4 4Winter/Spring 2014 Jacksonville Protest Case before Supreme Court by Michael Mookie Moss, Aclu plaintiff In March of this year, the Jacksonville police riot celebrates its almost-tenth anniversary by taking a trip to Washington D.C. and landing on the desk of the United States Supreme Court. Under review by the high court is whether the respondents (me and my fellow plaintiff demonstrators) sufficiently alleged there was clear First Amendment discrimination on the part of the Secret Service and whether the 9th Circuit Court of Appeals erred when it denied the Secret Service qualified immunity for its role in the events that took place nearly 10 years ago. For those present that night in Jacksonville, the answer to the question of First Amendment discrimination couldn t be clearer. The large multigenerational group of anti-bush demonstrators assembled in front of the Jacksonville Inn faced police- fired projectiles which were filled with chemical irritants, canisters of hand held pepper spray, and submission by baton, while the pro- Bush crowd equidistant from the dining President faced not a word of admonishment. My experience that night began after finishing evening farm chores and hustling down the hill to join the unwelcoming party already in full swing. George W. Bush, embroiled in controversy and just weeks away from his re-election bid, had spent the day stumping in Medford and rallying his base. With a dubious foreign war gathering steam, and a series of hotly debated domestic policies surrounding resource extraction (which profoundly affected our rural community), the crowd was ready to express it s views. The demonstration, crafted by organizers Shelley Elkovich and Anna Vine, had been billed as a family friendly gathering aimed at sending a strong message to the visiting President. Earlier, Anna and Shelley had cleared this demonstration with Police Chief Towe of Jacksonville and Sheriff Winters of Jackson County. By assuring the police the demonstration would remain on the sidewalk and be law abiding, they received permission from city and county law enforcement. Shortly after my arrival and inclusion in the crowd of 250 plus strong, word circulated that the President had changed his original plans and was now dining in the restaurant adjacent to our rally. This new information only fueled excitement by making it clear that our words and presence could undoubtedly be heard and felt by the President. This enthusiasm was met with ominous signs of what was to come. Michael Mookie Moss With helicopters buzzing overhead, throngs of police clad in full battle regalia arrived on an armored personnel carrier. One particular group wearing balaclavas, with their badges and names covered in black cloth, oriented themselves several lines deep on the same sidewalk we had been permitted to use. As the riot police began sweeping down the sidewalk they created a bottleneck and citizens of all ages began to be pushed off the curb and into the street. This was in direct conflict with what the event organizers had prearranged with police. Order and exuberance were replaced by chaos and fear. In the ensuing melee, an elderly man was pushed to the ground by the first line of police, I was shot multiple times at close range with less lethal rounds and then beaten with a baton. A young mother and her toddler were pepper sprayed, and countless other individuals faced serious physical and later psychological injury. All of this violence was without provocation. On October 14, 2004 the police had come for a fight. Sadly, it was not the police s escalation of violence that night in Jacksonville that makes this incident unique. What made that night in Jacksonville different was that while we faced police violence under the guise of Presidential protection, the pro-bush crowd who could have posed an equal hypothetical threat was untouched. We again learned that the criminalization of dissent can still rear its ugly face at any time and when it does, it often is enforced with a violent hand. Ten years of Moss v. Secret Service has been a potent reminder that the process of seeking justice can be as powerful as the outcome of that search. In challenging the immunity and lack of constitutional accountability of individuals operating under the cover of government secrecy, this case continues to set precedent while addressing one of the darker corners of our legal system. If those in power are actively or passively given permission to act without accountability, abuse of our most basic rights will continue to occur. Moss v. Secret Service (now Wood v. Moss) goes before the Supreme Court on March 26, Michael Mookie Moss raises goats and farms in Jackson County and he is the lead plaintiff in our lawsuit. Mookie plans to attend the argument at the U.S. Supreme Court in March. Stay informed about civil liberties in Oregon at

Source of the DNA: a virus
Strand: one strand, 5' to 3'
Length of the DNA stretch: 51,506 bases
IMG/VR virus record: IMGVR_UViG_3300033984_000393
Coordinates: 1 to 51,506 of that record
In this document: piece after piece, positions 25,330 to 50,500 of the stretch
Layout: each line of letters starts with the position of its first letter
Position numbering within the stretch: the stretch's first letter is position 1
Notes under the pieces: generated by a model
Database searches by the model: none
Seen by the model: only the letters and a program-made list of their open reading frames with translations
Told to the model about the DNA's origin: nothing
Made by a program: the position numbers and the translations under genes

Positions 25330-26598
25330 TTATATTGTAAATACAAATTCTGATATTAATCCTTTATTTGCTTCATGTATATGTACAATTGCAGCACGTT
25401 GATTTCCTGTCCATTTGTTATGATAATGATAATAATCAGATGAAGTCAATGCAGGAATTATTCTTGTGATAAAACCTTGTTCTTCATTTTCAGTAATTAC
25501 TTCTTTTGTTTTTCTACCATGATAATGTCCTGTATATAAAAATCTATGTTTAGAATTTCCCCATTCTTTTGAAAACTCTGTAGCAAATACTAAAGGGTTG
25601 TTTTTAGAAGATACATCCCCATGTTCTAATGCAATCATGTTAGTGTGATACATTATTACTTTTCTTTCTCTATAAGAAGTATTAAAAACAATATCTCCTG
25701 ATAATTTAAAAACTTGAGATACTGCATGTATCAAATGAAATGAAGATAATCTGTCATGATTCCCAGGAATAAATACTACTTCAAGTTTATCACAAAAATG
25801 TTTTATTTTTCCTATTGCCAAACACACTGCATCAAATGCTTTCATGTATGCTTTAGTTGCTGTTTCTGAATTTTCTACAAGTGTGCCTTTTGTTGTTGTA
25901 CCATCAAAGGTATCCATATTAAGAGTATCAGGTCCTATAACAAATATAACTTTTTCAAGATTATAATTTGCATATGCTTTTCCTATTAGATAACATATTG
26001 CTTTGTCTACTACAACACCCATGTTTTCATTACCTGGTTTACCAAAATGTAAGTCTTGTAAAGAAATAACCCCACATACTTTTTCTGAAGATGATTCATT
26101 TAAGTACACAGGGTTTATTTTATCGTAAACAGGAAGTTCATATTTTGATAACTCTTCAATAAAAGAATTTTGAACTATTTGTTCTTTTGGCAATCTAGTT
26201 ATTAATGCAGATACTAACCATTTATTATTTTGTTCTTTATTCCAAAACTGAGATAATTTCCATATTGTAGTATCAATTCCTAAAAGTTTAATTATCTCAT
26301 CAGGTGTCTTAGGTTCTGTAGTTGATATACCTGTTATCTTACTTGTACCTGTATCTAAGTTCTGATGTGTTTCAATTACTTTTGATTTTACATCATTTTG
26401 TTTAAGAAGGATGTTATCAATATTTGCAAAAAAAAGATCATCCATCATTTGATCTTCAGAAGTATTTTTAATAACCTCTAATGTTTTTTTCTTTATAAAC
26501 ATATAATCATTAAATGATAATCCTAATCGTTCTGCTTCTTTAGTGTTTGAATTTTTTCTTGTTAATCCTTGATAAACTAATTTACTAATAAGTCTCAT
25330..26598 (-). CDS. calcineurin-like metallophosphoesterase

5 5Winter/Spring 2014 Moss v. Secret Service Update, case tied to 2004 anti-bush demonstration In October 2004, U.S. Secret Service agents directed state and local police in Jacksonville, Oregon to move an anti-bush picket line of more than 200 peaceful demonstrators while at the same time allowing a group of pro-bush demonstrators to remain in the same area undisturbed. The state and local police effort turned violent as the officers used excessive force to move the multigenerational group of anti-bush demonstrators. As a result, the ACLU Foundation of Oregon filed a federal lawsuit against the Secret Service as well as state and local police agencies, and the individual agents and officers, seeking damages and an injunction against such governmental abuse in the future. The defendants have been trying to have the case thrown out for several years, even before we can get to the merits of what happened that day. The latest attempt by the federal government to have our clients claims dismissed will be argued before the U.S. Supreme Court on March 26, The federal government is asking the Supreme Court to overturn the decision of the 9th Circuit Court of Appeals that we have adequately stated a claim against the Secret Service agents for violating our clients First Amendment rights by treating them differently than the pro-bush demonstrators and that the Secret Service agents can be sued for damages for their actions because they should have known their actions were unlawful. Unfortunately, over the past 10 years this Supreme Court has repeatedly issued decisions that make it harder and harder for individuals to get their day in court for violations of their civil rights by federal officers. But we re used to uphill battles for civil liberties. We will continue to pursue claims on behalf of our clients and we look forward to our eventual day in court. Many thanks to Steven Wilker of Tonkon Torp LLP who is our lead attorney and will argue the case before the Court, his colleagues Paul Conable and James Hein, our Legal Director Kevin Díaz and Art Spitzer of the ACLU of the Nation s Capital for all of their hard work on this case over the years. National ACLU Legal Director Steve Shapiro and Ben Wizner, Director of the ACLU Speech, Privacy and Technology Project have also assisted with the briefs in the Supreme Court. A peaceful crowd, including families with children, gathered in Jacksonville to demonstrate during President George W. Bush s visit to the town during his re-election campaign in October For breaking news and events, find us on: facebook.com/acluoforegon twitter.com/aclu_or Because freedom can't protect itself.